Probates and Trusts

As experienced lawyers, we offer you valuable expertise and understand that your requirements may range from straightforward drafting to more complicated transactions. We are here to help you and will take time to listen to your needs. We will make every effort both to explain matters carefully to you and to fulfil your instructions.

We are willing to chat with you before you commit to using our services. This is because we understand how important it is for you to be comfortable with your choice of solicitor and we greatly value the relationship we have with our clients. This, together with practical and expert advice, means we offer a truly personal and professional service.

For further information or to make an enquiry please contact us.

“thank you to SG for all your support and advice and for taking such good care of myself and son at this very sad time” (Mrs T, November 2017)
— Probate client, November 2017


Probate

Probate is the procedure where, following someone’s death, the assets of their estate – their possessions, financial assets and property – are dealt with. This means collecting the assets and any money owed to the deceased person and paying any debts that they may owe. It also involves distributing the assets of their estate according to the terms of their Will.

A Grant of Probate is obtained from the Court. We will advise you as to whether a Grant of Probate is required in your particular circumstance. Where someone did not leave a Will, it will be necessary to apply to the Court for a Grant of Letters of Administration to enable the estate to be dealt with. We will gladly assist in this process.

We will give practical and sensitive advice to families and executors on how best to deal with matters following a person’s death.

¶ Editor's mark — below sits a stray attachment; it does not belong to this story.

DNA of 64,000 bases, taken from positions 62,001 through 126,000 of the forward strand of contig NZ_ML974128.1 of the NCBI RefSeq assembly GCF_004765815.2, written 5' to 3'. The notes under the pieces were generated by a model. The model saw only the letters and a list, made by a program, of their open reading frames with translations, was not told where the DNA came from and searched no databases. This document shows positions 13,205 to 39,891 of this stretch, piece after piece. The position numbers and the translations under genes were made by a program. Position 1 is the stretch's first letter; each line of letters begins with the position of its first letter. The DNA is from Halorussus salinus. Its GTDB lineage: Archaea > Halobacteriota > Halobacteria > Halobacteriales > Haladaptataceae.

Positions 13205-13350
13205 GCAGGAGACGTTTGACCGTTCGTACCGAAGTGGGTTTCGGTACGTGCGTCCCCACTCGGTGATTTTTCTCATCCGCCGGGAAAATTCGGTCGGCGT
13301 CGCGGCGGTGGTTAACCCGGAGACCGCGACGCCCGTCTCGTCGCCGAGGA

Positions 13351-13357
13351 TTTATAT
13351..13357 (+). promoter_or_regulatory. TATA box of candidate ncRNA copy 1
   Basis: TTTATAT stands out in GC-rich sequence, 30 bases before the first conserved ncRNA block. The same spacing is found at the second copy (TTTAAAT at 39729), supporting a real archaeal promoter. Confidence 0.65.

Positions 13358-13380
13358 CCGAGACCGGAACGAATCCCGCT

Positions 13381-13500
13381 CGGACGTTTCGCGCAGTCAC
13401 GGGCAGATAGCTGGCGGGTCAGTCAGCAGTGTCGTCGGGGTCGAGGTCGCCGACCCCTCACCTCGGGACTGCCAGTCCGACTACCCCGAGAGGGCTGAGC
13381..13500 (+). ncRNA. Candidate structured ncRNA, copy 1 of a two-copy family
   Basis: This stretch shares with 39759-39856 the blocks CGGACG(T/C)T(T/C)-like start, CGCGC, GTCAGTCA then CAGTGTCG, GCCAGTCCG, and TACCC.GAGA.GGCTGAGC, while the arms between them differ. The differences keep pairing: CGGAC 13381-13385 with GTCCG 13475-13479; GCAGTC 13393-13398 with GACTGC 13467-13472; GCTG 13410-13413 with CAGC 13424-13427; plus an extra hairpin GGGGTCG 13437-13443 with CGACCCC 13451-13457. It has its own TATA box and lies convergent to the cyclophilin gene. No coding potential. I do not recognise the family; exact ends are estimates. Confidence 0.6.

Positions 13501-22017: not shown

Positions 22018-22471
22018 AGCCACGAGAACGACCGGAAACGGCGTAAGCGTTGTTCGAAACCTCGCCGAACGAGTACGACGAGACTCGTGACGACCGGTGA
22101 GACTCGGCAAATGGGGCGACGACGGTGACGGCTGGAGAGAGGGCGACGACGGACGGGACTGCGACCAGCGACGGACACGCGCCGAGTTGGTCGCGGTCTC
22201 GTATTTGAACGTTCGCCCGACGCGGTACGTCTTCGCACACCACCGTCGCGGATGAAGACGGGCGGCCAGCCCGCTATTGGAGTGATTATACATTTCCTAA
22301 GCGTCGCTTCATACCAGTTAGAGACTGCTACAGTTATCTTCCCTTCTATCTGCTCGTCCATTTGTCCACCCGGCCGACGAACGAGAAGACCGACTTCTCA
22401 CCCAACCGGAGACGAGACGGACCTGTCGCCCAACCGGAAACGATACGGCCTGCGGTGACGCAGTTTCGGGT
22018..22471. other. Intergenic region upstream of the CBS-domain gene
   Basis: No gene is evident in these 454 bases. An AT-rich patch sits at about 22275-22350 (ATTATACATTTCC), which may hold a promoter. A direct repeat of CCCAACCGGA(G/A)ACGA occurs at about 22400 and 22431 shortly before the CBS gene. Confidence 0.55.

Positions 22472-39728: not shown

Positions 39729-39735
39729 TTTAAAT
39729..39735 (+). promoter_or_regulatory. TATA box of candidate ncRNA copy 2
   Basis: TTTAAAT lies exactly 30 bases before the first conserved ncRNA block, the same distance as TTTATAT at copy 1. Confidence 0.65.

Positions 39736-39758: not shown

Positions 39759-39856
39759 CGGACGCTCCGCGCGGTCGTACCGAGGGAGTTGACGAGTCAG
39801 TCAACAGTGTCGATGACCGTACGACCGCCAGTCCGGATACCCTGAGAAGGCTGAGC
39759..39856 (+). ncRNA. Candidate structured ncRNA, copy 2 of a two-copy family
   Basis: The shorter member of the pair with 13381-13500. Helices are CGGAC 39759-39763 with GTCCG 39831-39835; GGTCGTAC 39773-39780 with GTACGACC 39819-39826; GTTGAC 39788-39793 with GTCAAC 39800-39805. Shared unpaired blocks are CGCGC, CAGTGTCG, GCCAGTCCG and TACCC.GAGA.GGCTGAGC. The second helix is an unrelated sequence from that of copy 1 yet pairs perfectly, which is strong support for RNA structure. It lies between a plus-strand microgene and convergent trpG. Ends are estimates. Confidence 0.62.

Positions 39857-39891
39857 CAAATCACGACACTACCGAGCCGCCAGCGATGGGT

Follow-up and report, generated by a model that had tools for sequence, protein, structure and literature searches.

We will assist with as much of the procedure as you wish. We will tailor our service to your needs, managing either the whole process or individual sections. We understand that this can be a very difficult time and will work with you to ensure that the procedure is as easy as possible for you.
 


Probate and Administration of Estates

A case where somebody dies and does not leave a will is called an ‘intestacy.’

In such circumstances it will be necessary to apply to the Court for a Grant of Letters of Administration to enable the estate to be dealt with. We will gladly assist you in this process.

We will give practical, sensitive advice to families and personal representatives (those appointed to manage the estate) on how best to deal with matters following a person’s death.

We will assist with as much of the procedure as you wish. We will tailor our service to your needs, managing either the whole process or individual sections. We understand that this can be a very difficult time and will work with you to ensure that the procedure is as easy as possible for you.
 

Court of Protection – Office of the Public Guardian

Fiona Bruce LLP offer an extensive service regarding Court of Protection work.

Where a person has become mentally incapable, we can assist you by making an application to the Court of Protection to enable that person’s affairs to be managed.

We can advise you with regard to Enduring Powers of Attorney and Lasting Powers of Attorney. We will deal with the Office of the Public Guardian who act as the administrative arm of the Court of Protection.
 

Trusts and Inheritance Tax Planning

A trust is a legal device whereby property/assets are held by individuals (Trustees) for the benefit of specified people (Beneficiaries).

Trusts can be very useful, both for tax planning and safeguarding assets for future generations. We will be pleased to advise you in your particular circumstances on the type of trust that might best suit your needs.

We can advise on various trusts to meet your requirements.

In addition, we can advise you on how inheritance tax may affect you and your family. We will consider ways in which inheritance tax may be reduced both in your lifetime and under the terms of your Will.

Deed of Variation

In certain specific circumstances, the beneficiary of a will can retrospectively redirect their beneficial entitlement.

This may have tax advantages, or be for the purpose of protecting assets for future generations.

We offer comprehensive advice including the taxation consequences involved in such matters.